Some of the top universities in the UK are slipping down the ranking list under the new official ranking system that takes “student satisfaction” into more consideration.
The New System
Some of the top universities in the UK are now slipping down the ranking list under the new official ranking system, called “The Teaching Excellence Framework,” which places more weight on student satisfaction. The new system ranks universities in “gold, silver or bronze” based on student experience, dropout rate, employment following graduation and more.
Twenty six percent of the universities who entered were awarded the “gold” award, 50 percent the silver award, and 24 percent the bronze award.
According to Times Higher’s rankings, “London School of Economics” is 25th on their list of the best universities in the world. The new ranking system placed it under the “bronze” category. “University College London” (UCL), 15th best in the world based on the same system, was under the “silver” category. It was put at the same level as London Metropolitan University and Wrexham Glyndwr, which were both among the bottom universities in Times Higher’s rankings.
Jo Johnson, the universities minister in the UK, proposed this Teaching Excellence Framework back in 2015, as the government was expressing concern regarding universities’ focus on research “at the expense of teaching.” Its results were only published this year.
Comments on the New System
University of Buckingham’s vice chancellor, Anthony Seldon, said that he thinks the new ranking system would be “the biggest single catalyst to good teaching that the university sector has ever had.”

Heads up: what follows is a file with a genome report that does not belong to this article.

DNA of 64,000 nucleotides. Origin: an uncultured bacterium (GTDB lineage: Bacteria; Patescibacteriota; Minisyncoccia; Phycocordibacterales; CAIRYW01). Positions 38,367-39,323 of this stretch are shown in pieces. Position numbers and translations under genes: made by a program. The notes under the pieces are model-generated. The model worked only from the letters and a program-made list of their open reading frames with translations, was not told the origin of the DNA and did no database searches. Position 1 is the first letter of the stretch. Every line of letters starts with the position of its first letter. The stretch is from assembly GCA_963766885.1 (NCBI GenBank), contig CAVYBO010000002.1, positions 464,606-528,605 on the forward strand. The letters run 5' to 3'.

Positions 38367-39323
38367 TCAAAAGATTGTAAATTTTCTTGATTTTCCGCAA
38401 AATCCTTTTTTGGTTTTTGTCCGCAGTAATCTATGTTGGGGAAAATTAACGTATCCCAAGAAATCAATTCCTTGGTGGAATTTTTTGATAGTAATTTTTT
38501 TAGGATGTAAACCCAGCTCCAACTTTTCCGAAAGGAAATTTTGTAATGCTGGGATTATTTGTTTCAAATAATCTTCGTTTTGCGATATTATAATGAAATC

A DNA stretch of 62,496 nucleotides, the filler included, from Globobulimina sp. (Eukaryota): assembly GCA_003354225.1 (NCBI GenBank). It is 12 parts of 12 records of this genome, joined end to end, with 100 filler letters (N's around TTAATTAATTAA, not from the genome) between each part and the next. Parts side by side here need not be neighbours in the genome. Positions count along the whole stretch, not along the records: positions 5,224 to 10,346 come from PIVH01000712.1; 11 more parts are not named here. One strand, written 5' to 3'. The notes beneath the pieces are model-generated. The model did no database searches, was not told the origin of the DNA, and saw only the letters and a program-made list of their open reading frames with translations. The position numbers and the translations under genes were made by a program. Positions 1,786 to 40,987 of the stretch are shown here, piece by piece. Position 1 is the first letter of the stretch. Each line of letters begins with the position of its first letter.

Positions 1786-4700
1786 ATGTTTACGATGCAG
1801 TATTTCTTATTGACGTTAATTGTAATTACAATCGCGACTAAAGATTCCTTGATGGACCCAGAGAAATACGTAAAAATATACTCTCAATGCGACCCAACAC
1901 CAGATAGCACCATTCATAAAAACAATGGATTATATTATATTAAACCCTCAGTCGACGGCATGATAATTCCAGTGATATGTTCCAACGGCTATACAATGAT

Coventry University’s vice chancellor, John Latham, also deemed this system a “new order” for higher-level education. “It’s a clear message that universities must work harder for a recognised environment of success and that students are looking for more than historic reputation,” he added.
England’s “Higher Education Funding Council” chief executive, Madeleine Atkins, said: “Students currently invest significant amounts of time, and indeed money and incurring debt in their higher education. They are quite right to expect a high quality academic experience.”
However, many are also critical of the new system. The University & College Union’s general secretary, Sally Hunt, also commented on the system: “The Teaching Excellence Framework is opposed by both staff and student organisations and these results will have little credibility within higher education itself.”
“The fear is that students, beyond the UK in particular, will use these results as the basis for deciding which UK university to attend, which could damage some institutions.”